- Payments to employee health insurance and retirement benefits.
- State and local payroll taxes that were paid by the employer (for example, state unemployment insurance contributions).
- Severance payments.
2. Keep your spending well documented.
You’ll want to make it easy on yourself when it comes time to show how you spent your PPP loan. The best way to do this is to keep very comprehensive records. One way to streamline the process of documenting your expenses is to separate your business and personal finances. However, this isn’t a prerequisite for loan forgiveness.
To start your documentation for the purpose of PPP loan forgiveness, record the amount, date, and lender information in your books as soon as your PPP funds are deposited into your account.
Then track the way you spend your PPP funds over the eight or 24 weeks following your receipt of the funds. Be sure for each expense to document the date, vendor information, and category as it pertains to PPP forgiveness approved expenses (e.g., payroll, utilities, etc.). This will also help you understand if you’re spending the loan in a way that sets you up to be forgiven.
3. Gather reports and documents.
In addition to tracking your expenses, you’ll need to collect and organize receipts and reports to verify your spending. Gather documentation that shows your rent or mortgage interest payments, utility bills, and payroll reports.
Additionally, stay up to date with your lender on what they will require from you when it comes time for loan forgiveness. If there are any additional records they will need from you, you’ll want to collect them as part of this practice.
4. Prepare and submit your forgiveness application.
The SBA released the PPP Loan Forgiveness Application. Be sure to submit it in the preferred format of your lender.
Lenders have 60 days from the date that you submit your loan forgiveness application form to notify you of whether or not your loan has been forgiven (or which portion of your loan is being forgiven). Forgiven loans will be excluded from your gross income when it comes to filing your income taxes. If your loan, or a portion of your loan, isn’t forgiven, you will have to make a plan with your lender to repay the loan with 1% interest.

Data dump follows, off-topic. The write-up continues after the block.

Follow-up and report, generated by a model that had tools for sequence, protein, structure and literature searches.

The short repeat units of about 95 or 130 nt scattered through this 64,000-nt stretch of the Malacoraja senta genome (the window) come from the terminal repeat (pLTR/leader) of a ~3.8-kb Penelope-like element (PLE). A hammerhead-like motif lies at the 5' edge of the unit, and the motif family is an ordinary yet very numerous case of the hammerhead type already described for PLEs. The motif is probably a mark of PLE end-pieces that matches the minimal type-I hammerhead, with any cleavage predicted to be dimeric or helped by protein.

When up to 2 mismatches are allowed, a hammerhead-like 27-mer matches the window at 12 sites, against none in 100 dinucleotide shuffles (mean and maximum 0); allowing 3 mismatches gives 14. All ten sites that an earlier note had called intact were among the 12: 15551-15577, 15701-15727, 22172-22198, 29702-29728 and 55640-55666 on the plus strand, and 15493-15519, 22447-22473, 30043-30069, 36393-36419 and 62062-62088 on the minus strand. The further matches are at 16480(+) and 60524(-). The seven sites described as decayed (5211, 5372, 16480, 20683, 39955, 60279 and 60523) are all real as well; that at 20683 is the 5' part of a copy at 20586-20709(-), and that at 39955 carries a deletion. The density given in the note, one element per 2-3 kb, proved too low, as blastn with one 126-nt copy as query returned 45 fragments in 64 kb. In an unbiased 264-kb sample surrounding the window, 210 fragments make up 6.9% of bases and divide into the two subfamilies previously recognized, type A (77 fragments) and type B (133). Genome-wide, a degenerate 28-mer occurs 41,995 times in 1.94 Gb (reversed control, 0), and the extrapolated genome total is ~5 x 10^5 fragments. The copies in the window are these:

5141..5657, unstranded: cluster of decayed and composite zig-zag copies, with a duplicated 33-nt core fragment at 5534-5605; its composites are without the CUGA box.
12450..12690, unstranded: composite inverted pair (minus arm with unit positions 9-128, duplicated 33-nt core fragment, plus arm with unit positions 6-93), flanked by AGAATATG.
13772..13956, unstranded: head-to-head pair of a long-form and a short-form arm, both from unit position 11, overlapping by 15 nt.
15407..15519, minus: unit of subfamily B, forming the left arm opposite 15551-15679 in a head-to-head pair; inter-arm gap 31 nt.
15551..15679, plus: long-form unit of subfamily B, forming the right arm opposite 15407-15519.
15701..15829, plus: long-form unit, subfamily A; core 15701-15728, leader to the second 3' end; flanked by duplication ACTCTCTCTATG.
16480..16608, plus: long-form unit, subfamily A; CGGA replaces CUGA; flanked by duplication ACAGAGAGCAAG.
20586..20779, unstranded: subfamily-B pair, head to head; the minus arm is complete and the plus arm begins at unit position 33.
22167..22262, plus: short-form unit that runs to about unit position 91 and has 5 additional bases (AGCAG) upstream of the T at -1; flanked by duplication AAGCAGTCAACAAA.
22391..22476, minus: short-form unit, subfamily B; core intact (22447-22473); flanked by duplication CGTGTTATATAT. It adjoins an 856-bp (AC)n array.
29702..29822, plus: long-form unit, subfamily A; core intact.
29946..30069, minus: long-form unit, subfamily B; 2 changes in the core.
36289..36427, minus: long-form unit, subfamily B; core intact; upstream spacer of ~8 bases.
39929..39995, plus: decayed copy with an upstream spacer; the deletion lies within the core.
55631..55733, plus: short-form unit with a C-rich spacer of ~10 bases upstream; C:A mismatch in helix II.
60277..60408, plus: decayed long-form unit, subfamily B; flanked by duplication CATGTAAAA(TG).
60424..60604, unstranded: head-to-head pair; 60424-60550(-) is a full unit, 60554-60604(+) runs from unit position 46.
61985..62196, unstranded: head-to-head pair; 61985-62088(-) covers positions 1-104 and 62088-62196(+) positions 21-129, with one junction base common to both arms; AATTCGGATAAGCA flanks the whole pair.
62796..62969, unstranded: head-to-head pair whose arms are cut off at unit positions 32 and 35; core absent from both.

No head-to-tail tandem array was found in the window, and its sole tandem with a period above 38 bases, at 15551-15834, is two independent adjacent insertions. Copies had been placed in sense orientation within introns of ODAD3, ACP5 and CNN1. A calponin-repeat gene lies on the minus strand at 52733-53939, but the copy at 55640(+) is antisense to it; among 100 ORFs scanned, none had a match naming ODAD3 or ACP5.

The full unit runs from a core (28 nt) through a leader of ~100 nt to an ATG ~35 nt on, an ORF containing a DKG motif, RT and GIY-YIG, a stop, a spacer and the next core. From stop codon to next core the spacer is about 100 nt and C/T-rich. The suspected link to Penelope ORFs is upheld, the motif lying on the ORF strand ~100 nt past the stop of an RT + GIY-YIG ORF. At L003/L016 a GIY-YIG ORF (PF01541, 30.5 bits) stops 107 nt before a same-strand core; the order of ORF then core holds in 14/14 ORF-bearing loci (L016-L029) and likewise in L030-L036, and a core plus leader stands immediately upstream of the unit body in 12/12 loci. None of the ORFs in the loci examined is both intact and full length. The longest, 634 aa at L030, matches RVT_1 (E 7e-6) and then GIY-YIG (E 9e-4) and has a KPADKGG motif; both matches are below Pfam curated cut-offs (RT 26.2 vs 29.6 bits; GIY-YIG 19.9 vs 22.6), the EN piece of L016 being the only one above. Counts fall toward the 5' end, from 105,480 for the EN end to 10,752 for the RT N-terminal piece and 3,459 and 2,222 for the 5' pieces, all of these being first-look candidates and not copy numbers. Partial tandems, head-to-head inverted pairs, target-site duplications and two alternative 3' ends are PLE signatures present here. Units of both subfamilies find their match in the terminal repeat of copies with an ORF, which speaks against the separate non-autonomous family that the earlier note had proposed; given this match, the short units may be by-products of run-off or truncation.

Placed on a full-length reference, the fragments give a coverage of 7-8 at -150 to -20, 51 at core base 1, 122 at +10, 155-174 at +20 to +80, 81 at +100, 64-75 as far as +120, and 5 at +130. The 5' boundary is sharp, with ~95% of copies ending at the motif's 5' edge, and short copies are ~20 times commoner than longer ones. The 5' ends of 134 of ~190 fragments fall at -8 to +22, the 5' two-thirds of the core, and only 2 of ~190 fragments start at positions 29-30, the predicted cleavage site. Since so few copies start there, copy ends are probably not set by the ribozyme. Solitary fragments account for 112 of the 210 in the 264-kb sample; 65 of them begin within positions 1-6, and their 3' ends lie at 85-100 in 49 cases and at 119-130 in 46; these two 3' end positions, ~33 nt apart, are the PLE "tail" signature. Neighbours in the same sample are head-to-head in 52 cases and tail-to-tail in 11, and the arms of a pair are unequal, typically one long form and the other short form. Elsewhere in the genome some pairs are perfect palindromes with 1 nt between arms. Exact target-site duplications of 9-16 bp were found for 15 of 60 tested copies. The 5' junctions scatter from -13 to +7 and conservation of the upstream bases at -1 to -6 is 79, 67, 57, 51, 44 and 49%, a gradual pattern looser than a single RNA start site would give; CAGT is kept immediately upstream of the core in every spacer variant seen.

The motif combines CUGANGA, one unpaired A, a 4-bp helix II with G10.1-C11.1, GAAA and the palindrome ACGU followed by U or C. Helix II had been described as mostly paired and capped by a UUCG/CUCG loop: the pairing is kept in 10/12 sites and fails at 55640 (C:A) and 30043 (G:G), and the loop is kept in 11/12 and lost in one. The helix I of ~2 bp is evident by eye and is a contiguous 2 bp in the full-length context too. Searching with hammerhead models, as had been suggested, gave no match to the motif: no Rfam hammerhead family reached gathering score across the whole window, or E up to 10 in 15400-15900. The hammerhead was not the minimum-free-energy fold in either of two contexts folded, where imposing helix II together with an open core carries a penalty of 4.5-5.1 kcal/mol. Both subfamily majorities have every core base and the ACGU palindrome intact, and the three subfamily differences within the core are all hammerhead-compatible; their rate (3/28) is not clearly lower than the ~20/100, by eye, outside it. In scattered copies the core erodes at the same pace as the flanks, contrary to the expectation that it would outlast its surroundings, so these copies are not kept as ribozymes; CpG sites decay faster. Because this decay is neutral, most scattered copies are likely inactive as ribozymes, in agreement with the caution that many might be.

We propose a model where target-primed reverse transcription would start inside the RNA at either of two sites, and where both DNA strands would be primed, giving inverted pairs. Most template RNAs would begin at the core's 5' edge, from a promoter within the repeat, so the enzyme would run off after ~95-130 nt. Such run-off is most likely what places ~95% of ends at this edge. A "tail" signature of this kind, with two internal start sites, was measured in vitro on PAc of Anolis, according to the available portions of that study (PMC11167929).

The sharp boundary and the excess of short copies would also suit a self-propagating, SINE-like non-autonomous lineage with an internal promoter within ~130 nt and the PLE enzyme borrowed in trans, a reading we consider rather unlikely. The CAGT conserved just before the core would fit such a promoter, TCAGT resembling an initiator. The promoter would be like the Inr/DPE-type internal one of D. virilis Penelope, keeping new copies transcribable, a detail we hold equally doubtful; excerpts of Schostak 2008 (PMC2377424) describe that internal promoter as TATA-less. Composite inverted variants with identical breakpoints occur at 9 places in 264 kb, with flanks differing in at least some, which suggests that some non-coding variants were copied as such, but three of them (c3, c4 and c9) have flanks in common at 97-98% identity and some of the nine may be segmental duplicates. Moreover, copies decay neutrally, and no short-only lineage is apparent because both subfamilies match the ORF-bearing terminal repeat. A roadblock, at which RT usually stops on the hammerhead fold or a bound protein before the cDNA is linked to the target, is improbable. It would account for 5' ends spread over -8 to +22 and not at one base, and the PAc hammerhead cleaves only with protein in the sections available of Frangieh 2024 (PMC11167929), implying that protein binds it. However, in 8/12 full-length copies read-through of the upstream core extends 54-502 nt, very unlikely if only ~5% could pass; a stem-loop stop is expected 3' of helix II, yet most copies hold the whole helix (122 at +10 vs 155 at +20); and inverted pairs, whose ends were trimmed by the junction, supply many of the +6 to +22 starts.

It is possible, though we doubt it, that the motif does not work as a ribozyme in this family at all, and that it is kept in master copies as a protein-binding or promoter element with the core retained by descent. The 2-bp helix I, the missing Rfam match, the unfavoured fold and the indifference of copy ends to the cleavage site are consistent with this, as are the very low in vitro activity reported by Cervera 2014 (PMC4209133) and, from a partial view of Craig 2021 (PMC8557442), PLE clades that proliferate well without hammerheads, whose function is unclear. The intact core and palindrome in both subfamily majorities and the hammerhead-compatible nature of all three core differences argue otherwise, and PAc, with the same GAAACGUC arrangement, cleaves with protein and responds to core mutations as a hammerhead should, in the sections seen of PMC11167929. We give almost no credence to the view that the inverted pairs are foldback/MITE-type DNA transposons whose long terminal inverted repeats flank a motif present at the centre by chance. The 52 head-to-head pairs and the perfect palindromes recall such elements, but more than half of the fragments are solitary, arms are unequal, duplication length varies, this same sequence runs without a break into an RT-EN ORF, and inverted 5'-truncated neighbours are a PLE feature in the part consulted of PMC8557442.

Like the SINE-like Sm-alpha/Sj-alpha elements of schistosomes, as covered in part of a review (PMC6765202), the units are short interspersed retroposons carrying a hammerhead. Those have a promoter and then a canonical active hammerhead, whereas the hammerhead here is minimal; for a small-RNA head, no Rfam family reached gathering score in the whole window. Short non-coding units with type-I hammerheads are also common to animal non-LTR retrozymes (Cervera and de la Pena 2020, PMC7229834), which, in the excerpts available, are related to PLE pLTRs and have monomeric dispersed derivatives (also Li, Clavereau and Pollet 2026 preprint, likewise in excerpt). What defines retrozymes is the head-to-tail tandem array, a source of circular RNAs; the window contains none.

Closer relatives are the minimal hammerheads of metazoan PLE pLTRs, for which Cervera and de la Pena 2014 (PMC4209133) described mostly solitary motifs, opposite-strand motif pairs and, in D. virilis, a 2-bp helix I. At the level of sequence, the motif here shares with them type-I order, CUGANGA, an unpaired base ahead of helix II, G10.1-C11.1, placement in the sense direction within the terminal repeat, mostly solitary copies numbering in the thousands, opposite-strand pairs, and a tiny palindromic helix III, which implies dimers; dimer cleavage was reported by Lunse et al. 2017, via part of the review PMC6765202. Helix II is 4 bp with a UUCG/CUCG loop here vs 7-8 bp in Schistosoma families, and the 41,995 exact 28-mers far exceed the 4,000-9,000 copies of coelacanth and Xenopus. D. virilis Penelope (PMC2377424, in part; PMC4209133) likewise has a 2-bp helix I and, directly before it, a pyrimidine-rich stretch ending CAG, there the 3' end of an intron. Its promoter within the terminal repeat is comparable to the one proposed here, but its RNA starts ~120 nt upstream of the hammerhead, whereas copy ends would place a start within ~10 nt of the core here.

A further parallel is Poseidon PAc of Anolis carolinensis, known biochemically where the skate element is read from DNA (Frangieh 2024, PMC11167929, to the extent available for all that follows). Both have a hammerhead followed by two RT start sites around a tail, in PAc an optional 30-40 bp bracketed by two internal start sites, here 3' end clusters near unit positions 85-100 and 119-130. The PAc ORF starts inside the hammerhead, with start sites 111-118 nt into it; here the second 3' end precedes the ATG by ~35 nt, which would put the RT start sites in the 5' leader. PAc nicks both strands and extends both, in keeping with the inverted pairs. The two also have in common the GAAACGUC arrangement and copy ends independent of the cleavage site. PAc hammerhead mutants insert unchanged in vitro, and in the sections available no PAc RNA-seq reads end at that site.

Please note that some of the following options can be layered with a PPP loan and some cannot, so be sure to verify before exploring these options after accepting a PPP loan.
What to do if you didn’t receive a PPP loan
If you didn’t receive a PPP loan, there are other options.
- Economic Injury Disaster Loans (EIDLs) from the SBA: Typically, EIDLs are for businesses that need financial help due to a natural disaster. As of early March, eligibility for these loans has been extended to businesses that are affected by COVID-19. The CARES Act expands this program and makes it easier to apply.
- Employee Retention Credit: This is a refundable tax credit available to eligible employees, equal to 50% of wages of up to $10,000 for certain employees, meaning the maximum credit per employee is $5,000. This credit applies to wages paid after March 12, 2020, and before January 1, 2021. Your business is eligible for this credit if your business operations were fully or partially suspended due to COVID-19 or if your business experiences a more than 50% decline in quarterly gross receipts. You can either apply for this credit using the Form 7200, Advance Payment of Employer Credits Due to COVID-19 or apply the credit to your Q2 2020 Form 941.
- Deferred payroll taxes: Usually employers would pay 6.2% of Social Security tax on their employees’ wages. For payments owed in 2020, businesses and self-employed individuals can now defer these payments over the next two years. You must pay 50% by the end of 2021 and the remaining 50% by the end of 2022. Note that you can’t defer these payments if you’ve had a Paycheck Protection loan forgiven.
- State and local government programs: Some states and cities have set up financial assistance programs, loans, and grants for small businesses in their jurisdictions. Check in with your local chamber of commerce or see Square’s article on financial relief for small businesses for more information.
- Private programs: Many nonprofit organizations, banks, and corporations have rolled out financial relief programs as well. You can find programs specific to your business needs in Square’s financial relief article.
The guidelines for forgiveness are subject to change, as are the opportunities for other kinds of financial assistance outside the PPP loan. We’re doing our best to keep you updated but be sure to continue to check in with your lender and your local chamber of commerce for more information.